The Call of the Toad by Gunter Grass

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Synopsis

A German art historian and a Polish art restorer meet in Gdan+a7sk and go into business together returning the remains of Germans exiled after the war to Danzig. By the author of Two States--One Nation. 15,000 first printing.
 

About Gunter Grass

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Born on October 16, 1927 in Gdansk, Poland, Günter Grass was a member of the Hitler Youth in the 1930s. At the age of 16, he was drafted into the German military, was wounded, and became a prisoner of war in 1945. His first novel, The Tin Drum (1959), selected by the French as the best foreign language book of 1962, is the story of Oscar Matzerath, a boy who refuses to grow up as a protest to the cruelty of German society during the war. It is the first part of his Danzig trilogy, followed by Cat and Mouse (1961) and Dog Years (1963), and was made into a movie by director Volker Schlondorff, winning the Academy Award for Best Foreign Film in 1979. His other works include Local Anaesthetic, The Flounder, Crabwalk, and Peeling the Onion. He has been honored many times, including a distinguished service medal from the Federal Republic of Germany in 1980 which he refused to accept. He received the Nobel Prize for Literature in 1999.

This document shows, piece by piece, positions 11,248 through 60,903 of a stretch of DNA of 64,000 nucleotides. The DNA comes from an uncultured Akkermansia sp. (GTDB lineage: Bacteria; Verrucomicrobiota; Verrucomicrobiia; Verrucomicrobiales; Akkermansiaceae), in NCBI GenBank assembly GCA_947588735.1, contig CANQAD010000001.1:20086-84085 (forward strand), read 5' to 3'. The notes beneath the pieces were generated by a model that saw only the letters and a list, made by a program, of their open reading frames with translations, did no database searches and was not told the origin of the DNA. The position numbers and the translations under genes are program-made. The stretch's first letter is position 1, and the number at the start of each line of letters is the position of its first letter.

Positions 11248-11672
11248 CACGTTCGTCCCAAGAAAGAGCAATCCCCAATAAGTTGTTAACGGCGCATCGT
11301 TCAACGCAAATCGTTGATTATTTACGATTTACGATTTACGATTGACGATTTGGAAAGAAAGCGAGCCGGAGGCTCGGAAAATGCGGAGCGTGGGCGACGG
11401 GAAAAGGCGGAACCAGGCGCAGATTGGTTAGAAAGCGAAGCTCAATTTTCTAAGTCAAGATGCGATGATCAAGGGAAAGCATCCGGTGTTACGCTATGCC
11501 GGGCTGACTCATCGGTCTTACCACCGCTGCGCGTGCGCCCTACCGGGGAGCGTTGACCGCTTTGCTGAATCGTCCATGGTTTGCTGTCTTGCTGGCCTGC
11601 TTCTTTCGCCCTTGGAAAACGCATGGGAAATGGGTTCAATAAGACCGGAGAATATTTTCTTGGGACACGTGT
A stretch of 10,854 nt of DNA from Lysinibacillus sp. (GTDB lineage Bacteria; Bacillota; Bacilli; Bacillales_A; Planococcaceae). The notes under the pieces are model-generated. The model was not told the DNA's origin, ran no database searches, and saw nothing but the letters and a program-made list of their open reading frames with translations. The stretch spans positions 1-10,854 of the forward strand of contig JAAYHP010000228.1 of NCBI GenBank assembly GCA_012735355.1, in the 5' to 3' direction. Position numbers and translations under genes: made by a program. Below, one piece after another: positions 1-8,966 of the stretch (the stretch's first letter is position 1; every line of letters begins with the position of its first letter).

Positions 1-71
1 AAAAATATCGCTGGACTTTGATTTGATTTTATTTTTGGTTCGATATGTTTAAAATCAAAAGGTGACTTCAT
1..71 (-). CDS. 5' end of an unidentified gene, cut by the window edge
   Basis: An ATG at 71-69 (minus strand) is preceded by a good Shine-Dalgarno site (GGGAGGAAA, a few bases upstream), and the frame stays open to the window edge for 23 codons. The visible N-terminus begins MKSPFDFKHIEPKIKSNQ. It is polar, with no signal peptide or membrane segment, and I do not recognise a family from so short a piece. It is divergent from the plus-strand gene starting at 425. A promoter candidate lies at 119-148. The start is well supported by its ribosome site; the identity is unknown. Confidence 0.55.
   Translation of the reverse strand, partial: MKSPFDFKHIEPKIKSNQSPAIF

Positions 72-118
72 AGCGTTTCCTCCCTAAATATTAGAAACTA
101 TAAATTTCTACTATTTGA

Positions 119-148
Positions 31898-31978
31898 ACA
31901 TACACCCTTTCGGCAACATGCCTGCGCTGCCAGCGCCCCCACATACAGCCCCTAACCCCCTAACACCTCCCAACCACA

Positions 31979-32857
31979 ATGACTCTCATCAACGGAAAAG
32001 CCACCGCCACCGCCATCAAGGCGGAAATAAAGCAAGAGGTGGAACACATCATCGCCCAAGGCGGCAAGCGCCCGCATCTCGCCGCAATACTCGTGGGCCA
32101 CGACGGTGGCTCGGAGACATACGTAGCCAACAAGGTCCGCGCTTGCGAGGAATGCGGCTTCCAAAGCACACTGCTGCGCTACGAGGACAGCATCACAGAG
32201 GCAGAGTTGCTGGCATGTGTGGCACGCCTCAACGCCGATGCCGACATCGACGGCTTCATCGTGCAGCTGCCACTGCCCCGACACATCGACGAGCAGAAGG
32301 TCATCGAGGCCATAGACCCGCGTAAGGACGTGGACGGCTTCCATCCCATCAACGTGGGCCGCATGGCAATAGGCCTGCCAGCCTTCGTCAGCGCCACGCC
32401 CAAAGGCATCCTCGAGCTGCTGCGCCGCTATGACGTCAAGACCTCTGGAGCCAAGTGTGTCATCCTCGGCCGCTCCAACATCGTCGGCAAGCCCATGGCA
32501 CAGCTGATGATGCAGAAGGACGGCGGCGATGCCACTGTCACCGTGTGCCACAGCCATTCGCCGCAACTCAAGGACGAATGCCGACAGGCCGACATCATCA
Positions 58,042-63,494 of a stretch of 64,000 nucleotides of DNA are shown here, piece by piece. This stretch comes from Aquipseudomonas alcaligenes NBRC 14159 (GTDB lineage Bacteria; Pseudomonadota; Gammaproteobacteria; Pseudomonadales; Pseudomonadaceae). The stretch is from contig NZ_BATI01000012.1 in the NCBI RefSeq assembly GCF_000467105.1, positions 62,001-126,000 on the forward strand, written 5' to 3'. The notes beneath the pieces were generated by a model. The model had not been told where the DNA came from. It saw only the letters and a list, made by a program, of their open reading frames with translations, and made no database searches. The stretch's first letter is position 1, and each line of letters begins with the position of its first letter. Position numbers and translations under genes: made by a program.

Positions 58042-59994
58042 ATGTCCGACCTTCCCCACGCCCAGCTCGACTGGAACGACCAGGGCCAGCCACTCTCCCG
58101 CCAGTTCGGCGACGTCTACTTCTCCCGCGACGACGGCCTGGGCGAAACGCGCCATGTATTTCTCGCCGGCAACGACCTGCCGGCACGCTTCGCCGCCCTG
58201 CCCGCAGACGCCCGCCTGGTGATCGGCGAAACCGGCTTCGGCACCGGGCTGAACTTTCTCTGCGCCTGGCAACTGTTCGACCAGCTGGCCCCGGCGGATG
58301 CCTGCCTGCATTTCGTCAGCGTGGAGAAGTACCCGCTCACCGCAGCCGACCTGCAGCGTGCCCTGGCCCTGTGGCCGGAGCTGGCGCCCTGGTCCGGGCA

Published January 1, 1992 by MARTIN SECKER & WARBURG LTD. 256 pages
Genres: Literature & Fiction, Children's Books. Fiction

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Kirkus Reviews

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An aging German art-historian, Alexander Reschke, meets a Polish woman, Alexandra Piatkowska, a fine-arts re-gilder, at an outdoor flower-stall in Gdask, Poland (once Danzig).

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Publishers Weekly

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Macabre humor and deft narrative control spice this doleful, satiric tale of love, mortality and politics in a changing Eastern Europe from the pen of the contemporary German master. When Alexander Re

Sep 28 1992 | Read Full Review of The Call of the Toad

Entertainment Weekly

Like The Tin Drum, Cat and Mouse, and Dog Years, Günter Grass' new novel, The Call of the Toad, takes us to his birthplace, the Baltic port of Danzig (now Gdansk, Poland), and buries us in the muck and bones of history — this time almost literally, since the plot we're drawn into is a cemeter...

Oct 23 1992 | Read Full Review of The Call of the Toad

The Independent

This Gunter Grass - who has also tried to organise Polish- German debates on a novel which is about the difficulty of German-Polish reconciliation - sounds as cranky and endearing as D H Lawrence trying to persuade coal-miners to brighten up their lives by wearing red trousers.

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The Independent

All the same, this novel is being battered in Germany not because Grass has become a windbag with nothing to say but - just the contrary - because in the swollen-headed climate after unification he is saying something mocking and pessimistic about German good intentions.

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